The Total Volar Forearm Musculocutaneous Free Flap for Reconstruction of Extended Forequarter Amputations

    loading  Checking for direct PDF access through Ovid

Abstract

Forequarter amputation is performed for resection of large, invasive tumors of the shoulder girdle region. A substantial defect can usually be closed with local or regional flaps; however, a subset of the forequarter amputation group has emerged at this institution with more complex issues. These patients have extensively more invasive posterior tumors, some with chest wall/rib invasion. Local/regional flaps in these situations are inadequate, and free tissue transfer is the only viable option. The forequarter specimen can sometimes be used as a donor site, thereby eliminating the usual donor site morbidity. Variations of the total forearm free flap have been sparsely described in the literature—the majority being case reports of either pure fasciocutaneous or “filet of forearm” flaps. We report a series of 4 patients treated over a 5 year period at this institution using the previously undescribed total volar forearm musculocutaneous free flap based on the brachial artery and its venae comitantes. This flap includes the entire musculature of the volar forearm with fasciocutaneous extensions on either side of the musculocutaneous unit. All potentially ischemic dorsal musculature is discarded, leaving a flap that has central bulk and a relatively large dimension. The entire flap remains extremely well vascularized, and a substantial surface area of as much as 45 × 25 cm can be attained. A pedicle as long as 20 cm can be dissected as far proximally in the arm as is oncologically safe. A single artery and vein are anastomosed to either the intrathoracic or neck vessels. All four flaps survived completely with uncomplicated wound healing. The total volar forearm musculocutaneous flap is extremely well vascularized and highly reliable. The flap as described provides the ideal combination of large surface area, muscle bulk, and long vascular pedicle. It can be dissected rapidly to minimize ischemic time and could therefore be applicable to traumatic forequarter amputations. It has become the flap of choice for reconstruction of extended oncological forequarter amputation defects.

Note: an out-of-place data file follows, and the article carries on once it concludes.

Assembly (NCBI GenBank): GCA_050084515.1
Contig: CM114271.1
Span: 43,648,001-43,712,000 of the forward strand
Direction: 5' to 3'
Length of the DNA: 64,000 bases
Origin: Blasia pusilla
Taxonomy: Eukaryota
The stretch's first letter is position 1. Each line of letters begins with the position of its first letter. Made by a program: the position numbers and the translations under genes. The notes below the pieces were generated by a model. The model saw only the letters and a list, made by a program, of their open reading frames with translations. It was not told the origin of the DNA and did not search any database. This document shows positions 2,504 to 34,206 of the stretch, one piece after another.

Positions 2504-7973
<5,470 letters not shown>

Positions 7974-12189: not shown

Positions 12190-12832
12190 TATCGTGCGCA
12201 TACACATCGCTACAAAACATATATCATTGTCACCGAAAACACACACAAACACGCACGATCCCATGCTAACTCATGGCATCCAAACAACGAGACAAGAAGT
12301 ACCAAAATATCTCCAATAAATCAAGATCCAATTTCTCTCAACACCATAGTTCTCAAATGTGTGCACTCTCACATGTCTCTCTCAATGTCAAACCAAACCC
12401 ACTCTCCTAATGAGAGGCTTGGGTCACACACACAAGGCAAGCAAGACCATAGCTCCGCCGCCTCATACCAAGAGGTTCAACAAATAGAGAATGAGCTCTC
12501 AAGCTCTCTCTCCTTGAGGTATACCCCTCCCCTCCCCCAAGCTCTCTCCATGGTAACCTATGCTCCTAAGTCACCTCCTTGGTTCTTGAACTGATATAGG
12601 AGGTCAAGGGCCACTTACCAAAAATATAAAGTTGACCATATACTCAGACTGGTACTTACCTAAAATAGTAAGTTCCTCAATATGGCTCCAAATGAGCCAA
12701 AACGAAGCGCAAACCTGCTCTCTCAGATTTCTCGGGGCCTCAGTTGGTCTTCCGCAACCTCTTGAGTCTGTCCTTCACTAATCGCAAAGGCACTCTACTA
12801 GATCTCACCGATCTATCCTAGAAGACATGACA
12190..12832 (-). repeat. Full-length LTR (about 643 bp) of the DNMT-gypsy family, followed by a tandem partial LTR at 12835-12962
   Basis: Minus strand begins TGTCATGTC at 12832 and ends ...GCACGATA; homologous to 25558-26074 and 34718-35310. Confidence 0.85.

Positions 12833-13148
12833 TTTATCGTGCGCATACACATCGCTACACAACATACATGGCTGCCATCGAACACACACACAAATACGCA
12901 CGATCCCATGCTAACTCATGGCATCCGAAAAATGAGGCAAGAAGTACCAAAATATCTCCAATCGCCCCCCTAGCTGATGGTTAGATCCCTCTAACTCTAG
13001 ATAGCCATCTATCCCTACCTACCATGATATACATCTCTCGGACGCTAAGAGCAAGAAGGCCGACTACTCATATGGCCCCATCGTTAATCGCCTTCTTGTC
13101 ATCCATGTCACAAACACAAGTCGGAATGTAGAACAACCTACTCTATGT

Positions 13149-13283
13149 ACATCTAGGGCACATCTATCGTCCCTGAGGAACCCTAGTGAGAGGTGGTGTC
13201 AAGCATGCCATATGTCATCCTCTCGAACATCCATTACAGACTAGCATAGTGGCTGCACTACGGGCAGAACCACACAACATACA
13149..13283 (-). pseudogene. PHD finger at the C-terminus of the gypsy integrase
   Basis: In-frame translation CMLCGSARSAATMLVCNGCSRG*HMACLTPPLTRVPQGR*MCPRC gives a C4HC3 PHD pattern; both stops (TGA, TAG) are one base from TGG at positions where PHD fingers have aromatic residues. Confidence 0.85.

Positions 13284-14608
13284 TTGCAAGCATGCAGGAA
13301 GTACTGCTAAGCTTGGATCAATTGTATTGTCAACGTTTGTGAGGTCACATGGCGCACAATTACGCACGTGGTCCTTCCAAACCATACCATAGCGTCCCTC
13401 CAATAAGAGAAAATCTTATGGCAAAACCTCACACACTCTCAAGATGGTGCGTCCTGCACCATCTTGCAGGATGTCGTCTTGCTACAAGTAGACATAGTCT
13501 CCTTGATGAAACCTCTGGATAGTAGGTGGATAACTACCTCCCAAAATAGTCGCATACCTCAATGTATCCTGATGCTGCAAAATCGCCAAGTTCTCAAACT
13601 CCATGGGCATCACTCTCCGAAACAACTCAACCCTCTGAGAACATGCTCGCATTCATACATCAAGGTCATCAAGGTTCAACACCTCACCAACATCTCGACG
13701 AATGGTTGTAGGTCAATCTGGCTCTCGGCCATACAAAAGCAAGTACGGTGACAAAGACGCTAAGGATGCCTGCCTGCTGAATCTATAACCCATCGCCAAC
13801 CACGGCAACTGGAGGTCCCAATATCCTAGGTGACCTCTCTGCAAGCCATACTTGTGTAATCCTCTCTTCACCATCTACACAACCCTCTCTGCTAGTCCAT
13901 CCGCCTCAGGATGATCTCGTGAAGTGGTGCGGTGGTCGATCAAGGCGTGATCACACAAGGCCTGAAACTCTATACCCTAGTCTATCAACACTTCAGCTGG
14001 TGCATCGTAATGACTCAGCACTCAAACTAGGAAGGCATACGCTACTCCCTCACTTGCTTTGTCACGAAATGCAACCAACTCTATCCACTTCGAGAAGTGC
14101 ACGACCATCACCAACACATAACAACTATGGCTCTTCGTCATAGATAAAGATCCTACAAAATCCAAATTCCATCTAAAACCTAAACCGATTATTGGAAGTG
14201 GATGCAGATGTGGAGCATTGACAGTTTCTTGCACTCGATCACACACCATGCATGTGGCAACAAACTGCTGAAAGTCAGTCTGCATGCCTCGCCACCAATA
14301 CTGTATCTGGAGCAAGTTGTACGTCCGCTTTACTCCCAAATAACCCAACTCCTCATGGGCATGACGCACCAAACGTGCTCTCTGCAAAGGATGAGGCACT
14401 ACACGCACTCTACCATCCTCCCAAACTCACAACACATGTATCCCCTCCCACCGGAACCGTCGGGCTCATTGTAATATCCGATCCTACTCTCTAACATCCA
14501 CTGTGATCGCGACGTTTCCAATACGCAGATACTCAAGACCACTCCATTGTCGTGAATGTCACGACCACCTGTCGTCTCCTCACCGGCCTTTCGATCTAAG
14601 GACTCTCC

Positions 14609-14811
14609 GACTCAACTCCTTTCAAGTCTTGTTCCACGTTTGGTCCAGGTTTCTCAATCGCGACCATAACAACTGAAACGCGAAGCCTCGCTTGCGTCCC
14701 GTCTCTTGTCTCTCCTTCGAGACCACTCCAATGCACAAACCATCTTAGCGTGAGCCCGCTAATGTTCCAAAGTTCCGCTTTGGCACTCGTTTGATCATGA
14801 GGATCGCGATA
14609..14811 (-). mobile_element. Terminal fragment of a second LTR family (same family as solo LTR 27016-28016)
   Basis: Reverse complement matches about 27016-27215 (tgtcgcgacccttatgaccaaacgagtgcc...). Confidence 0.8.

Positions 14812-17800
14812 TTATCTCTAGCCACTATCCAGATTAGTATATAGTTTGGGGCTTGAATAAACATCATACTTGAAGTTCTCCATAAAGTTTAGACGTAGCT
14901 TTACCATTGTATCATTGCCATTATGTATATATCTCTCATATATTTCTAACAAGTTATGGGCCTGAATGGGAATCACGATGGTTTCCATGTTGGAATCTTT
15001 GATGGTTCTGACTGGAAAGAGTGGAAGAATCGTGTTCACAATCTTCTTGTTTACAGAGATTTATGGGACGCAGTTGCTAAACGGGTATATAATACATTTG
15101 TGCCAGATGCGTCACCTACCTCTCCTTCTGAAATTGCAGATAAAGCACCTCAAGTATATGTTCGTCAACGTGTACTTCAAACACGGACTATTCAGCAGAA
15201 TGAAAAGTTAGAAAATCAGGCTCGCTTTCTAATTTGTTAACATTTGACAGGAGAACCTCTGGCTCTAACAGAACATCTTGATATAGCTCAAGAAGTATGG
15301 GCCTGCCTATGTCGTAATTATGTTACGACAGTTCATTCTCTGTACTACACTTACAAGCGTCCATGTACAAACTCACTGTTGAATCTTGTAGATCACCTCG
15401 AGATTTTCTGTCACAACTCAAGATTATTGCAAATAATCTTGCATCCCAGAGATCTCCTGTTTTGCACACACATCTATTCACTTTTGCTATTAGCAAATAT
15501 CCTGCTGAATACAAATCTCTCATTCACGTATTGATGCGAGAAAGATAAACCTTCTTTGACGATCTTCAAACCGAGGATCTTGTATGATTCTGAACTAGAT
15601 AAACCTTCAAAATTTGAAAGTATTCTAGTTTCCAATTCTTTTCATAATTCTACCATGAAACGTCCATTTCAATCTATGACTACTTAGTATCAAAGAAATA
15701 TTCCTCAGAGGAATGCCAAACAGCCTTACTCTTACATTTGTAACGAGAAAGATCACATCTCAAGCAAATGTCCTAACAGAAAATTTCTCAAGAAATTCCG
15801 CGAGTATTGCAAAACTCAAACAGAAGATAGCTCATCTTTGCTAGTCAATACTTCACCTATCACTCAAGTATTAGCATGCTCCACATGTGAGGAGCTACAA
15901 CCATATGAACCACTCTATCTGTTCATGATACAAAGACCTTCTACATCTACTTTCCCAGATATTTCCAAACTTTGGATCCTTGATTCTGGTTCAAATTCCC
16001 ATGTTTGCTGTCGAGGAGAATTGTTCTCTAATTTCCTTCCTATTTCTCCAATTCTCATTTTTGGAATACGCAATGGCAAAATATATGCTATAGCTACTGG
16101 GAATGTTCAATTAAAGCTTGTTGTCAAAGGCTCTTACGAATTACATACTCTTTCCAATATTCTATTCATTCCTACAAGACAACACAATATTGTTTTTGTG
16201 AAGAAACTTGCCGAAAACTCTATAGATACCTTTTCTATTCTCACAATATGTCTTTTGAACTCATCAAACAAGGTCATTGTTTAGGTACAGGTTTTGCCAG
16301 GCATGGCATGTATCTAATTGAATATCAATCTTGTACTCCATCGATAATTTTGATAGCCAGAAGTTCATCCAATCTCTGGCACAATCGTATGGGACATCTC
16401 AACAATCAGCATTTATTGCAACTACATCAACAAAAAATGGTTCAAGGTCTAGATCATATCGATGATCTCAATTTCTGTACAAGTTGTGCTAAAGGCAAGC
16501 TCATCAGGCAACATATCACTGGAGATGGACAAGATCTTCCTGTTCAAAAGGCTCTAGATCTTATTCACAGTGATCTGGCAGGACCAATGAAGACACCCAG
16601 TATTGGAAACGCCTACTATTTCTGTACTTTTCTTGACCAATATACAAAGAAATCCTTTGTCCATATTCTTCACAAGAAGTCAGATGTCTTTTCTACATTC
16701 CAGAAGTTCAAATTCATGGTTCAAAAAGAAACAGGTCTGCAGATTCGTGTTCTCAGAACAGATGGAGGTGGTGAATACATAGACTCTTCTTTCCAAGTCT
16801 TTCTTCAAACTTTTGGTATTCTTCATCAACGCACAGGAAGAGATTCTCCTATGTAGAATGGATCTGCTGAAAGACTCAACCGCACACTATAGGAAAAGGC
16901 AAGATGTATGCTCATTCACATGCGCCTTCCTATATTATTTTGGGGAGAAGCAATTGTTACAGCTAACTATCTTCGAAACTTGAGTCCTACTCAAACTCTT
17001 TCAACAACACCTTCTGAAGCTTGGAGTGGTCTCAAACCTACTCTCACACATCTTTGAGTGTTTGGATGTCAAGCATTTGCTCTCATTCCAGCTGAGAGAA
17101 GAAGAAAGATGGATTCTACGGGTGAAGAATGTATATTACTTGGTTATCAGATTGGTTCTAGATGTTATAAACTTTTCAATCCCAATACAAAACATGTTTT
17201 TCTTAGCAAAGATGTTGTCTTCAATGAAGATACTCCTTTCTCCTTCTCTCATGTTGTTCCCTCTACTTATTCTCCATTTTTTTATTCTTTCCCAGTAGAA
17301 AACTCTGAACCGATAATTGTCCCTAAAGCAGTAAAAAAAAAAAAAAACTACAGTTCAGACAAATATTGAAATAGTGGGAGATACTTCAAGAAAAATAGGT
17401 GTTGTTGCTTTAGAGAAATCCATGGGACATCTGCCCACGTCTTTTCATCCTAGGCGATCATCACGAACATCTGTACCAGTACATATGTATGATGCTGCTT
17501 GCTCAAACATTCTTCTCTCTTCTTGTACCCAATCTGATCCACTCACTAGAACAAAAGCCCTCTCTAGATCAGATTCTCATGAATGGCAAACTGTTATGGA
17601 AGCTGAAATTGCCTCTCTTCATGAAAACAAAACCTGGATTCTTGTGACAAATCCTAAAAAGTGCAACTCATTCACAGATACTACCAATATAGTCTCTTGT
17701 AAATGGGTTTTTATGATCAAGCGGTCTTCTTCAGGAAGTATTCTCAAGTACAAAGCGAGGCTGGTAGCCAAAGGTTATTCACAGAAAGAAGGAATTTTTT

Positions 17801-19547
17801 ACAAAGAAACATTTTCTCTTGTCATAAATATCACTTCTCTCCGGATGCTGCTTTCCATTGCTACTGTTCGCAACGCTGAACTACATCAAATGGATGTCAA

Cordeiro PG, Cohen S, Burt M, Brennan MF. The total volar forearm musculocutaneous free flap for reconstruction of extended forequarter amputations. Ann Plast Surg 1998;40:388-396.

Related Topics

    loading  Loading Related Articles